Your Body and the Physiological Effects of Stress

Physiological effects of stress can be best understood in terms of your body's stress response. In an ideal state, the body is in a state of internal homeostasis, a physiological state when all systems function smoothly and are in balance.

physiological effects of stress

As soon as you are faced with danger (real or imagined), your body goes through a complex physiological response. The physiological effects of stress are associated with the brain and nervous system, as well as your endocrine system.

Your nervous system and endocrine system are interconnected by a hypothalamus, a structure located in the brain, directly above the pituitary gland. The pituitary gland plays a major role in regulating the endocrine system.

When you are confronted with stress, the hypothalamus releases a chemical messenger into the blood flowing directly to the pituitary gland. This chemical messenger stimulates the pituitary gland to produce adrenocorticotropic hormone (ACTH).

ACTH is then released into the blood stream, where it reaches the adrenal glands. ACTH stimulates the outer layer (cortex) of adrenal glands to produce chemicals called corticoids. And corticoids help the body to acquire energy from energy stores in the body.

The hypothalamus also activates the inner core (medulla) of the adrenal gland, through the sympathetic nervous system (a branch of the body's autonomic nervous system). This results in the production of epinephrine (known as adrenalin). It is epinephrine which causes most of the physiological changes that occur in the body to produce fast, short term high energy levels required in the presence of stressor.

With all these hormones flowing through your blood stream, every system in your body braces for action.

The following physiological effects of stress occur:

  • The brain releases endorphins to relieve pain

  • Heart rate increases and heart increases its strength of contraction to pump more blood
  • Blood pressure rises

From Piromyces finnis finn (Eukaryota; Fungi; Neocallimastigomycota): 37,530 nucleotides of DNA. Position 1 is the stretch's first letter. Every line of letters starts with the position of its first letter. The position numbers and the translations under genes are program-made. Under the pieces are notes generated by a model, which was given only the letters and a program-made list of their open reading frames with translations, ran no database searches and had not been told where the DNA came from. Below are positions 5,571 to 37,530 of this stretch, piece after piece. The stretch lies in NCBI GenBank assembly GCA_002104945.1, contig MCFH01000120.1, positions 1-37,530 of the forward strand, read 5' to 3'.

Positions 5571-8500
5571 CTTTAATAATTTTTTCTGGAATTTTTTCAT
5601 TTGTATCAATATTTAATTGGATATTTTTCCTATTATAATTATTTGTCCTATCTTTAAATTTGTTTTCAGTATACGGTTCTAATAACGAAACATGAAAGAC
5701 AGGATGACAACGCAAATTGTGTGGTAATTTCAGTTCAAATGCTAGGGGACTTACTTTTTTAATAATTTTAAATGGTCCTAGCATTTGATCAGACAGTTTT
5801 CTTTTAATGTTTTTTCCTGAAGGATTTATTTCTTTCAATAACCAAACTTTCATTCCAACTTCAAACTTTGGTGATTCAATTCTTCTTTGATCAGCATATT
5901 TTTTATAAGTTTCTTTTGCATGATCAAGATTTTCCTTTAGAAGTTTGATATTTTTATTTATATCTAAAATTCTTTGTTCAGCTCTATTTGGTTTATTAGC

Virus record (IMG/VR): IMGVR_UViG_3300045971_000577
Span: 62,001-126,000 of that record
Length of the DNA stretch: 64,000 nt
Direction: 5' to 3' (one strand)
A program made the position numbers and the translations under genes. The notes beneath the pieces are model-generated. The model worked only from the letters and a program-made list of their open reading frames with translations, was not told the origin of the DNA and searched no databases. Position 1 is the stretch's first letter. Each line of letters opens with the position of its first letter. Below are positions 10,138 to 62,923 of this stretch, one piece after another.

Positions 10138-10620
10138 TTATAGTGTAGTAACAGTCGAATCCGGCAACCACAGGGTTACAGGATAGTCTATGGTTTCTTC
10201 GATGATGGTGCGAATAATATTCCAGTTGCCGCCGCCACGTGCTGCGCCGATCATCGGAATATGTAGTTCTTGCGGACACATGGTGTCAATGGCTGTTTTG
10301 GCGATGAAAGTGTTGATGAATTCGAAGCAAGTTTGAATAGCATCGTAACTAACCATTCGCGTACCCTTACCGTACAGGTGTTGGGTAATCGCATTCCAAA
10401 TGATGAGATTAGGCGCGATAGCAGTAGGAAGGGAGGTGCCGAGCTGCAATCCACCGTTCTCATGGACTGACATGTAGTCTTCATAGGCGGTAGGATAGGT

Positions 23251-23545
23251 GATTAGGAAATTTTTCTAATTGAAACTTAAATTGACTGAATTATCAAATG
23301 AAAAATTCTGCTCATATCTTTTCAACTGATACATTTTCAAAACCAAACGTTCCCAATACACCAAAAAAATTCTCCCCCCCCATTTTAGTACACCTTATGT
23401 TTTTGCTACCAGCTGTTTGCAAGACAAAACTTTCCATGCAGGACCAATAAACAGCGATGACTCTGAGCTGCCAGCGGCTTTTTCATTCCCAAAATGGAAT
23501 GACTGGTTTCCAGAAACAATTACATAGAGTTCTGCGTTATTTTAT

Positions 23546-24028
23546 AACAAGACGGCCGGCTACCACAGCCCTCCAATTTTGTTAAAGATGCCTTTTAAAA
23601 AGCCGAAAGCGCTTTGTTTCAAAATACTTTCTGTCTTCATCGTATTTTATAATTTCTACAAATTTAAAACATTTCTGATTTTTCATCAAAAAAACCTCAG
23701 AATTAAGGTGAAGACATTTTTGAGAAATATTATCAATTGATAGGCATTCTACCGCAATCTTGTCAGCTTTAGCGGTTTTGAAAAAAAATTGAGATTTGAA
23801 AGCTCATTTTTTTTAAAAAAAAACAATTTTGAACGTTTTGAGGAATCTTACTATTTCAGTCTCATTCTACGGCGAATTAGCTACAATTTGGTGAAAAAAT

• Digestion slows so the much needed blood may be diverted to muscles

  • Salivation and mucous secretion decreases - the result is a "cotton mouth" feeling
  • Pupils dilate so that you have a more sensitive vision

  • All of your senses - sight, hearing, smell, and taste - become more acute, ready to identify any threats

  • Sweating increases to flush waste and to cool down the body

  • Blood clotting increases to prevent bleeding to death during physical threat

  • Sugars and fats are released into the blood stream to supply fuel

  • Adrenaline and other hormones are released into the bloodstream to provide energy

  • Muscle tension increases to prepare for action in the shortens time

  • Bronchi dilate, allowing for more air into the lungs

  • Breathing gets shallow and faster to supply more oxygen to the muscles and body tissue

This reaction is pure stress and is a result of a cascade of hormones that starts as soon as your brain realizes that a demand is being made on your body.

These physiological effects of stress are meant to be short term. Once the danger passes, the body should return to its state of homeostasis, the state of internal equilibrium when all the body systems function smoothly and are balanced.

Learn more about physiological effects of stress by reading about long term effects of stress.

Related articles:

Effects of Stress on Health
What is Stress
Causes of Stress
Symptoms of Stress
Effects of Stress on Health
Effects of Stress on the Brain
Psychological Effects of Stress
Positive Effects of Stress
Physical Effects of Stress

 

 

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